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in DevOps and Agile by (29.3k points)

I currently have a local Git repository, which I push to a Github repository.

The local repository has ~10 commits, and the Github repository is a synchronized duplicate of this.

What I'd like to do is remove ALL the version history from the local Git repository, so the current contents of the repository appear as the only commit (and therefore older versions of files within the repository are not stored).

I'd then like to push these changes to Github.

I have investigated Git rebase, but this appears to be more suited to removing specific versions. Another potential solution is to delete the local repo, and create a new one - through this would probably create a lot of work!

ETO: There are specific directories/files that are untracked - if possible I would like to maintain the untracking of these files.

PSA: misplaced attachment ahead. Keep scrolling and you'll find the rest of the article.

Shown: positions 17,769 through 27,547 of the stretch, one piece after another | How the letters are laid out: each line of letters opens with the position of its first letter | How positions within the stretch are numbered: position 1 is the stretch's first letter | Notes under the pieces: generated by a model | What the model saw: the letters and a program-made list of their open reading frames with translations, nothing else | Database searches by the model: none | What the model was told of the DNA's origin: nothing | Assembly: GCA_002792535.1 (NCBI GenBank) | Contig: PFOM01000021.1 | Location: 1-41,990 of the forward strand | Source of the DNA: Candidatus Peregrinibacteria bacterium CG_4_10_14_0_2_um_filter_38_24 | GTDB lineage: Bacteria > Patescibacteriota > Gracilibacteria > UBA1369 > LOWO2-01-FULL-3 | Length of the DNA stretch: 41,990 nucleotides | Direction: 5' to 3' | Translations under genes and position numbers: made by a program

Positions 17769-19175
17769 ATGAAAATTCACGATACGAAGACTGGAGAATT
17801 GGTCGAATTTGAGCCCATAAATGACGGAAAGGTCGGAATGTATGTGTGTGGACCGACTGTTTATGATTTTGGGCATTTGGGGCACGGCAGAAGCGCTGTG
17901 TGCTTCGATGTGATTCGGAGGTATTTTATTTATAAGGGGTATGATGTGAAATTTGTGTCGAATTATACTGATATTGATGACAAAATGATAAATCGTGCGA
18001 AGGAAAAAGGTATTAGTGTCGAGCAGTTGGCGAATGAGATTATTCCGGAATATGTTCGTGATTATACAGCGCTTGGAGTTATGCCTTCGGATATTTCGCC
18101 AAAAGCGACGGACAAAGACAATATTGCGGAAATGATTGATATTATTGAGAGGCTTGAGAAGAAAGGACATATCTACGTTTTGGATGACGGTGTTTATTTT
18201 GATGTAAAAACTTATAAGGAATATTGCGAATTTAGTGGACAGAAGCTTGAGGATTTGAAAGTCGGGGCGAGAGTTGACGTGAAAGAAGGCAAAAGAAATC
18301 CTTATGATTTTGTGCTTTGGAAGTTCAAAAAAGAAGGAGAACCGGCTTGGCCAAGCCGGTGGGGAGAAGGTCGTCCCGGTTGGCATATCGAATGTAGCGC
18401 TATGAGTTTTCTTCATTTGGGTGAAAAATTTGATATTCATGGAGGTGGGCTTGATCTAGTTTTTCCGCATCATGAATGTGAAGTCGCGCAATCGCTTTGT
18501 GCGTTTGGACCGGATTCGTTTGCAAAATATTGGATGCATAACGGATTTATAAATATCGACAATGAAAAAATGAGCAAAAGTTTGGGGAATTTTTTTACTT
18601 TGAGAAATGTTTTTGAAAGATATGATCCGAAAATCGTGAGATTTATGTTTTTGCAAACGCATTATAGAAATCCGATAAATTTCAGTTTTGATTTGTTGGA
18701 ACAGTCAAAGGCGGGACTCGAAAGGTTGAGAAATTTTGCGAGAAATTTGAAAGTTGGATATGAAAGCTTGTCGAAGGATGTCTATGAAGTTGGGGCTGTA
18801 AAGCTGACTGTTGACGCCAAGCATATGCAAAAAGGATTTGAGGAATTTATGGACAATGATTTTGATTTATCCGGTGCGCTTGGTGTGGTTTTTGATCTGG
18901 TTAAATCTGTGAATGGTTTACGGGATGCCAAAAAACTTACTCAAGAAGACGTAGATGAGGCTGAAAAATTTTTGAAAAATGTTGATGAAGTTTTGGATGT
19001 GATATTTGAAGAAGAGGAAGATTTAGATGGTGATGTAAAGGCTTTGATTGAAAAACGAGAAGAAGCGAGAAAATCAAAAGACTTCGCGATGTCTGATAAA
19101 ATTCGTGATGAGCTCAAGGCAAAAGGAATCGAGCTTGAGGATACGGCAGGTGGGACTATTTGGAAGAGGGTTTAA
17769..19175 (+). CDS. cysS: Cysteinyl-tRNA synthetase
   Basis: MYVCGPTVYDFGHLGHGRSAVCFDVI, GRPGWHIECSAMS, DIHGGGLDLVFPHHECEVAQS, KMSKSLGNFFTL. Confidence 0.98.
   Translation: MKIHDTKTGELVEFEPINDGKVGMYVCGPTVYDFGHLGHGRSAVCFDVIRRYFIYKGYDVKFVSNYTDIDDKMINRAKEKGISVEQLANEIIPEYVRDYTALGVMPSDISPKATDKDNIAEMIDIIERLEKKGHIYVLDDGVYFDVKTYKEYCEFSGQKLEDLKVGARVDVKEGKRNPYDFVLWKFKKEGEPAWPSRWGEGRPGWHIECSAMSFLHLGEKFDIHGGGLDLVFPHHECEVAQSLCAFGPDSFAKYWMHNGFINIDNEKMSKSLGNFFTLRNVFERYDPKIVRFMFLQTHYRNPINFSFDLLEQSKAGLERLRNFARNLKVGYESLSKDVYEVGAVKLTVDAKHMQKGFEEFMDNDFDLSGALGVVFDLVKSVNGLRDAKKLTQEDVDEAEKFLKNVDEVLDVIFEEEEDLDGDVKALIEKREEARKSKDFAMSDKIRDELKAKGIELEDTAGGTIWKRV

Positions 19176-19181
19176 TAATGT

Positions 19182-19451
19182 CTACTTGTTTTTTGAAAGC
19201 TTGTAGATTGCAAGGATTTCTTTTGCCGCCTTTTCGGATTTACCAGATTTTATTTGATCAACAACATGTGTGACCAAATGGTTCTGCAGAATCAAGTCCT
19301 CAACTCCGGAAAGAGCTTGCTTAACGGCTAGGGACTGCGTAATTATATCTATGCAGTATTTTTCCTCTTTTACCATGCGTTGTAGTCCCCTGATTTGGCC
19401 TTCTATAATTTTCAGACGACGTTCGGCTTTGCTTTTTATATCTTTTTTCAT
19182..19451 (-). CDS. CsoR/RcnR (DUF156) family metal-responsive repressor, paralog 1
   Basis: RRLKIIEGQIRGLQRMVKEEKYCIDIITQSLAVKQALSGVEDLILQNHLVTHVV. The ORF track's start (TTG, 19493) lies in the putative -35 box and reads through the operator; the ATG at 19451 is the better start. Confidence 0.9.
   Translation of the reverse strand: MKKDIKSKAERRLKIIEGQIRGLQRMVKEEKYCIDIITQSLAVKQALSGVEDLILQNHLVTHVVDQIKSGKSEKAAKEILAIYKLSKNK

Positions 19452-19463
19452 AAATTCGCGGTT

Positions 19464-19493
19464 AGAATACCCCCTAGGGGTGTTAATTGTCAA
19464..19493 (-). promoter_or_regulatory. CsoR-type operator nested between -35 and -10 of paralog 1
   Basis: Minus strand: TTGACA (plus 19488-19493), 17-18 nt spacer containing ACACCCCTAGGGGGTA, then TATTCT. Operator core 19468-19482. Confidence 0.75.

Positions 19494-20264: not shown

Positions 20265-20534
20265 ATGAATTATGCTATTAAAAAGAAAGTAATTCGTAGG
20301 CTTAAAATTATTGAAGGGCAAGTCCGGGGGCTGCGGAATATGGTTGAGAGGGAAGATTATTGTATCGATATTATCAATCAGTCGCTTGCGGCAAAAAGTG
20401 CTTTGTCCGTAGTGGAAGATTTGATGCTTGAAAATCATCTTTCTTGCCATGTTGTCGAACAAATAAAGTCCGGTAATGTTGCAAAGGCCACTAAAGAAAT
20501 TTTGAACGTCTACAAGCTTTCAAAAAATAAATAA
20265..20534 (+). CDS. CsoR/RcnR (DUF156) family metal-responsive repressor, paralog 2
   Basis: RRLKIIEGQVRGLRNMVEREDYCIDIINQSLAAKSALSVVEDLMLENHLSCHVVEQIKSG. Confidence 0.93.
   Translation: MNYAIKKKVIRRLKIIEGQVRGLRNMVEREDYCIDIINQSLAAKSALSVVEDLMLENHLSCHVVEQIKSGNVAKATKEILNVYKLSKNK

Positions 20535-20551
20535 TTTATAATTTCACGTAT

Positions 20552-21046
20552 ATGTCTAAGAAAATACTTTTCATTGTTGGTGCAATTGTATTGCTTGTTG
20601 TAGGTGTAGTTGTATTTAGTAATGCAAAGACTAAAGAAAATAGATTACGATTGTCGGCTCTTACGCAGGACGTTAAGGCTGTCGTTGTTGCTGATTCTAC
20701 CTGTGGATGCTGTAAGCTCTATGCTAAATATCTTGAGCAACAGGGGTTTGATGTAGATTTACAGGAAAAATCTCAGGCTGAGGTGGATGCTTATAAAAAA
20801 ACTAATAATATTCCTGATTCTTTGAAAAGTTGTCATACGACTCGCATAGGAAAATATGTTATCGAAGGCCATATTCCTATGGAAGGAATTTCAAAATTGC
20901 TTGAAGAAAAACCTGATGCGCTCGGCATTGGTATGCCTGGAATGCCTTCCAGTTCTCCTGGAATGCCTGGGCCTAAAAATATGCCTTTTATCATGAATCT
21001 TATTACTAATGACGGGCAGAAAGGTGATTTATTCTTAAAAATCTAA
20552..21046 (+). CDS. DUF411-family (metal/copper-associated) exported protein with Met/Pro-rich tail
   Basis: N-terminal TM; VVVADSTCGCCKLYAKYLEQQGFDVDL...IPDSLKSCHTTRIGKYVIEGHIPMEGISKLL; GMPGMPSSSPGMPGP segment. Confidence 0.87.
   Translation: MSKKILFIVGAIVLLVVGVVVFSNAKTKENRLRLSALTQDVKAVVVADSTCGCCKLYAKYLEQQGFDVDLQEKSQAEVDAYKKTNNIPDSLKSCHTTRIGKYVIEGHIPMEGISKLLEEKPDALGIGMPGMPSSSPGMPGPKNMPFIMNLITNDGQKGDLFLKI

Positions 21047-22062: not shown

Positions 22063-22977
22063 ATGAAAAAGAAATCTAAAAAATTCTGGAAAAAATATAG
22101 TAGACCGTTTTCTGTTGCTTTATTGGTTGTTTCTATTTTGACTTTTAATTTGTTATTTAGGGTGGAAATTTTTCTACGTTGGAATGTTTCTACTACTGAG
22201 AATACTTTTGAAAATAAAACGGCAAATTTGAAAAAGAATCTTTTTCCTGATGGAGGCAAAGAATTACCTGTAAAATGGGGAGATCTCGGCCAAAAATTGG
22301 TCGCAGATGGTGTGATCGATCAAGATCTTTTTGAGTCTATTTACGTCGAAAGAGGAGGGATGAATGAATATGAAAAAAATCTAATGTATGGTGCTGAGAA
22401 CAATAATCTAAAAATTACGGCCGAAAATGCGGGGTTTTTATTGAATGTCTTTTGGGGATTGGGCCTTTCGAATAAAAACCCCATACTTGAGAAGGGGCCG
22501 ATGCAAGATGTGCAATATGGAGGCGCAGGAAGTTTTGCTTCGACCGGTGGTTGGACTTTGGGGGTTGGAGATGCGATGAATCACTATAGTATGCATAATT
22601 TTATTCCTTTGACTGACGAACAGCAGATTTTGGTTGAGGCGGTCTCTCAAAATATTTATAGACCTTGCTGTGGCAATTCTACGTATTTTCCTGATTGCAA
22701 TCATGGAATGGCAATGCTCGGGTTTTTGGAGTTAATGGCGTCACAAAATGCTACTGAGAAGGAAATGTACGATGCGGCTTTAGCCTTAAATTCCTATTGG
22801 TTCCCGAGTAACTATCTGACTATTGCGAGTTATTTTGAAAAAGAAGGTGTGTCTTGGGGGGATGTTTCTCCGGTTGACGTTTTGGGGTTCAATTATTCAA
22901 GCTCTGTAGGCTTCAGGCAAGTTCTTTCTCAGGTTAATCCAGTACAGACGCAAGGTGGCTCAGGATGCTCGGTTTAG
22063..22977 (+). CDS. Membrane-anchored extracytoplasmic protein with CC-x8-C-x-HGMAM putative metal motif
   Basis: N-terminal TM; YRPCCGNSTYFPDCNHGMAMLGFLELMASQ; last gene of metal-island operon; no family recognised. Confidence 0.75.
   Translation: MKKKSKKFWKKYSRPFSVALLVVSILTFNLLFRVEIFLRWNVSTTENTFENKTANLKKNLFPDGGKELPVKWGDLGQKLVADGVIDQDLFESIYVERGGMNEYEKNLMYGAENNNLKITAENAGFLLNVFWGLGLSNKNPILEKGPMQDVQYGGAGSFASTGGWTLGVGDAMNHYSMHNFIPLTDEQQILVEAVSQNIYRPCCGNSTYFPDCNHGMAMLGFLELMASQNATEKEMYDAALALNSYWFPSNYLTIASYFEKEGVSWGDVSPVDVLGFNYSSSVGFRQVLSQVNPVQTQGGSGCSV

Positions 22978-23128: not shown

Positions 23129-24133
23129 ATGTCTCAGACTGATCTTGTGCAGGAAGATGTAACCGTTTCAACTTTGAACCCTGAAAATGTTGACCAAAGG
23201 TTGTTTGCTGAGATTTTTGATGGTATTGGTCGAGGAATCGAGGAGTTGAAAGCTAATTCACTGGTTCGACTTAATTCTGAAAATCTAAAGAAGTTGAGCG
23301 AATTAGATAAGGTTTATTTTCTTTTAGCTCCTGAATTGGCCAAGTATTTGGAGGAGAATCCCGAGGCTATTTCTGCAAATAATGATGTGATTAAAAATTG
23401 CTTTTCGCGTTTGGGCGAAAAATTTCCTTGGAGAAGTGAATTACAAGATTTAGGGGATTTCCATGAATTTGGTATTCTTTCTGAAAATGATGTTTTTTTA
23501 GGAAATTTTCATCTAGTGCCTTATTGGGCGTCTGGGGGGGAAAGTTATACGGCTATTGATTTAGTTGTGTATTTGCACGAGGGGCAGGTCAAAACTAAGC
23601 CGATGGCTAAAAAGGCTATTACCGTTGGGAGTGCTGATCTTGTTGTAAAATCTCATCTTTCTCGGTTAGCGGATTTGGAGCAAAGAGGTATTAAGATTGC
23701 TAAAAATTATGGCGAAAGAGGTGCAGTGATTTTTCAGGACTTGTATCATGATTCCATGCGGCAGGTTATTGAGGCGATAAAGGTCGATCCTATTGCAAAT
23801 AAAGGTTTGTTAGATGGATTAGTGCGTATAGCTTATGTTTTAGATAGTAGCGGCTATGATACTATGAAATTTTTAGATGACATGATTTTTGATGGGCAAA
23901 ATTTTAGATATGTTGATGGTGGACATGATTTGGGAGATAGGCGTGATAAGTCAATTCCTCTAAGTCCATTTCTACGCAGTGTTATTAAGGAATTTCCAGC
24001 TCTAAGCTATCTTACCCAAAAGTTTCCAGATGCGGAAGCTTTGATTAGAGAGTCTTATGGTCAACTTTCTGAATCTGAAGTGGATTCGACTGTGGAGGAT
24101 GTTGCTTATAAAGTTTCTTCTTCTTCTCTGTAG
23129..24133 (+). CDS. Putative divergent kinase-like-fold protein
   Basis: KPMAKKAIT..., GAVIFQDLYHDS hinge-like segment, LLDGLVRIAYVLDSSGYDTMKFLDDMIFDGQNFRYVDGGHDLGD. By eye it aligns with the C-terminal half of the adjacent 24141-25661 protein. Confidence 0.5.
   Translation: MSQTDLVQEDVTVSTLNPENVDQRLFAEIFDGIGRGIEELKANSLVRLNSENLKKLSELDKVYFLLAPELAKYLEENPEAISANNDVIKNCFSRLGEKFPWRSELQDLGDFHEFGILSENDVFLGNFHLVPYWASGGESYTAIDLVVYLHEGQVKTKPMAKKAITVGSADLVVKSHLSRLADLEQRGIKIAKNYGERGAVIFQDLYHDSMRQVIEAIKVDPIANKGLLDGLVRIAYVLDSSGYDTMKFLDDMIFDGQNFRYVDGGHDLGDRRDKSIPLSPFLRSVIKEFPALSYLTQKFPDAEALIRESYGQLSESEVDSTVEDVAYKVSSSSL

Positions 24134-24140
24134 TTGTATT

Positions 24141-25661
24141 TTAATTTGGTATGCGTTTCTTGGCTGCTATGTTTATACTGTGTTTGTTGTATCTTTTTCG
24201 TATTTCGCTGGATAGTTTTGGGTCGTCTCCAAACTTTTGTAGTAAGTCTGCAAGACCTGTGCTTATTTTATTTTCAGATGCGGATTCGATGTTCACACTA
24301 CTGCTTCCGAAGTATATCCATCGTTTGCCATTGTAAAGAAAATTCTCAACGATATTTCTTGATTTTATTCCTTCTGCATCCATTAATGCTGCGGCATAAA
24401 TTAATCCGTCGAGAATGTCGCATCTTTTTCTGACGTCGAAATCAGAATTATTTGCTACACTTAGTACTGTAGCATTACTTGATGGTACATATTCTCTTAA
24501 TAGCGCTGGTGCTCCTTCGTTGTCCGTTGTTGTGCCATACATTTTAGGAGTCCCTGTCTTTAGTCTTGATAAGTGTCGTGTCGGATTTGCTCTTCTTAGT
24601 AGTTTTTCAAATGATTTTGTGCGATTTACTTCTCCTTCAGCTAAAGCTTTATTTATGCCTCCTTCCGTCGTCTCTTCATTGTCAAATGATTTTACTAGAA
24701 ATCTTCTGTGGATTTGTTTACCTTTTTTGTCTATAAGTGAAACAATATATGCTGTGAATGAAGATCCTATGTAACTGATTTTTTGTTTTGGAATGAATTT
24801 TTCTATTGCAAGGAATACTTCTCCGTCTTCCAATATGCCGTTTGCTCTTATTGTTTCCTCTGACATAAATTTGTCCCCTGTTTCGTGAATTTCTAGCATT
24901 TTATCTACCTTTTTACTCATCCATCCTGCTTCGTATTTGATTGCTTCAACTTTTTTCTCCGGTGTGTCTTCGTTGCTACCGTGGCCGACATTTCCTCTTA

1 Answer

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by (50.2k points)

Here I am solving this question with a brute-force approach.

Note: This approach will not work if your repository has submodules. For repository having submodules, you should use interactive rebase.

Let’s see the brute-force approach

Step1: Remove all history(make sure you have the backup) using:

cat .git/config  # note <github-url>

rm -rf .git

Step2: Reconstruct the git repo with the current content:

git init

git add .

git commit -m "Initial commit"

Step3: Push the commit to github

git remote add origin <github-url>

git push -u --force origin master

Thus, you can make current commit to the only commit in a git repository.

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